• Respect the child’s discoveries. From our adult perspectives, we know how things are “supposed” to work; we understand the most effective and efficient ways to engage materials.  We want to see children succeed.  Collectively, this means that teachers may be tempted to show children the “right” way to engage materials or carry out play.  Yet it is the creative process, the mistakes, the rethinking and execution of a new plan and “owning” the experiences and discoveries that promote children’s critical thinking, problem solving skills, conceptual development and sense of mastery (Rymanowicz, 2015).  Support the child by using well placed open-ended questions to allow deeper investigations to take place.  Early childhood teachers are most effective as partners in children’s play rather than as supervisors or leaders of the play.
  • Trust the process. Growth and development progresses in each child in unique timetables.  A “one size fits all” approach to curricular development and teaching rarely works.  Individualizing experiences for children and tailoring our interactions to each child’s temperament, prior experiences, interests and goals is most effective in promoting early development.
  • Avoid interruption and be flexible. As a teacher, I’d like to add another important attribute to this section. Play needs to be uninterrupted.  Uninterrupted play means allowing  a child to be an explorer and learner and being flexible when young children are immersed in play.  For example, teachers who allow a child to finish play or come to a natural pausing or stopping point before inviting the child to diapering or toileting communicate respect for the child as an individual.  Extending free play time for a few minutes to allow children to complete their play or supporting children who wish to bring a toy with them for self-care routines are other examples of flexibility.

Classroom Environment

Finally, relationship-based approaches also inform how teachers create the early childhood environment.  The environment is thought of as the third teacher and reflects teachers’ perspectives about relationships. Here are some aspects to think about when setting up a learning environment.

  • A classroom should be an inviting space that the children see as their own. Spaces for personal belongings, such as a cubby, and spaces for community belongings, such as where the watering can for the class plants is stored, help children know what to expect and to feel welcomed and valued. Other strategies include displaying children’s work throughout the classroom, involving children in care of the classroom, and creating photo books featuring children in the classroom, families, and shared experiences reflect high-quality relationship-based practices.  Experts also suggest using the language of community, such as referring to the children in the classroom as “friends” and referring to “our classroom” to build relationships and emotional closeness (which translates into emotional energy for well-being and learning).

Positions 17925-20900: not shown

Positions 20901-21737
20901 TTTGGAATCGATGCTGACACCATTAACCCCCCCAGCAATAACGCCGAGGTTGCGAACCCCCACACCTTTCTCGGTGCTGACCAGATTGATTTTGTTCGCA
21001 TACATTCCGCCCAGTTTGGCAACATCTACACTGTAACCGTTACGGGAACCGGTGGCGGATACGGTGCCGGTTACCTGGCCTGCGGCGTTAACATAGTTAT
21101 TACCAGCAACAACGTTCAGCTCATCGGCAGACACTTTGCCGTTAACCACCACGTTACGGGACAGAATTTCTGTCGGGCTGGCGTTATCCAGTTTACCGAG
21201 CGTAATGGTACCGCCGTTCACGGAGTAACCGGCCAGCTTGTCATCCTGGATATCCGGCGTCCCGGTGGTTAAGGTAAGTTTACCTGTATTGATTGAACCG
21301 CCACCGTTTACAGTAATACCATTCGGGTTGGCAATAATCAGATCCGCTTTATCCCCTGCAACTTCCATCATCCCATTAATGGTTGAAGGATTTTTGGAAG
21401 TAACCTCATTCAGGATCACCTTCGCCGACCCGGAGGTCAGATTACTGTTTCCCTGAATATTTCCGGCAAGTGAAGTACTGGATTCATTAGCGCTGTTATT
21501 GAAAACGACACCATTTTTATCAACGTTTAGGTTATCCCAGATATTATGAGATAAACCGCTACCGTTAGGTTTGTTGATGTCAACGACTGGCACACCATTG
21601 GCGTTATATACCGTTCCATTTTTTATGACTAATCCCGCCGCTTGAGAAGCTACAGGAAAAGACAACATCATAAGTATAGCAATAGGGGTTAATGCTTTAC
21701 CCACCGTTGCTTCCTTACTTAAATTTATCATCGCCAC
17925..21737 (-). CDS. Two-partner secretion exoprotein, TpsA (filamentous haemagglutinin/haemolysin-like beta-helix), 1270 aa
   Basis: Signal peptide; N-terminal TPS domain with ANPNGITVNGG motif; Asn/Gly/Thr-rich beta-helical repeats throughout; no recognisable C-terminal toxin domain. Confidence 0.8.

• Another important element is the design of the room. Materials should be chosen for a reason rather than to fill shelves. Making materials easily accessible to children builds autonomy.  The room should be created to inspire and promote wonder and curiosity.

Play is for a critical component in healthy, early development.  When supported and facilitated in effective ways, play has a dramatic impact on cognitive, language, physical and social-emotional development.  As early childhood educators we have a huge job on our hands. A job that when done in effective, relationship-based ways contributes to children’s bright futures. I challenge you to imbed play into your curriculum. Allow children the time for uninterrupted, meaningful play and you will see the results! Good luck!


Cadima, J., Verschueren, K., Leal, T. & Guedes, C. (2016). Classroom interactions, dyadic teacher–child relationships, and self–regulation in socially disadvantaged young children. Journal of abnormal child psychology, 44(1), 7-17.

Christakis, E. (2016). The new preschool is crushing kids.  The Atlantic, January/February. Retrieved from

Cohen, L. & Uhry, J. (2007). Young children’s discourse strategies during block play: A Bakhtinian approach. Journal of Research in Childhood Education, 21(3), 302-315.

Hamre, B., Hatfield, B., Pianta, R., & Jamil, F. (2014). Evidence for general and domain‐specific elements of teacher-child interactions: Associations with preschool children’s development. Child development, 85(3), 1257-1274.

Hauf, P. & Aschersleben, G. (2008). Action-effect anticipation in infant action control. Psychological Research, 72(2), 203-210.

Horne, A. (2018). All Work No Play. Bridges Care and Education Center

Rymanowicz, K. (2015, Oct. 19). The power of play — Part 2: Born to play. In Michigan State University — MSU Extension.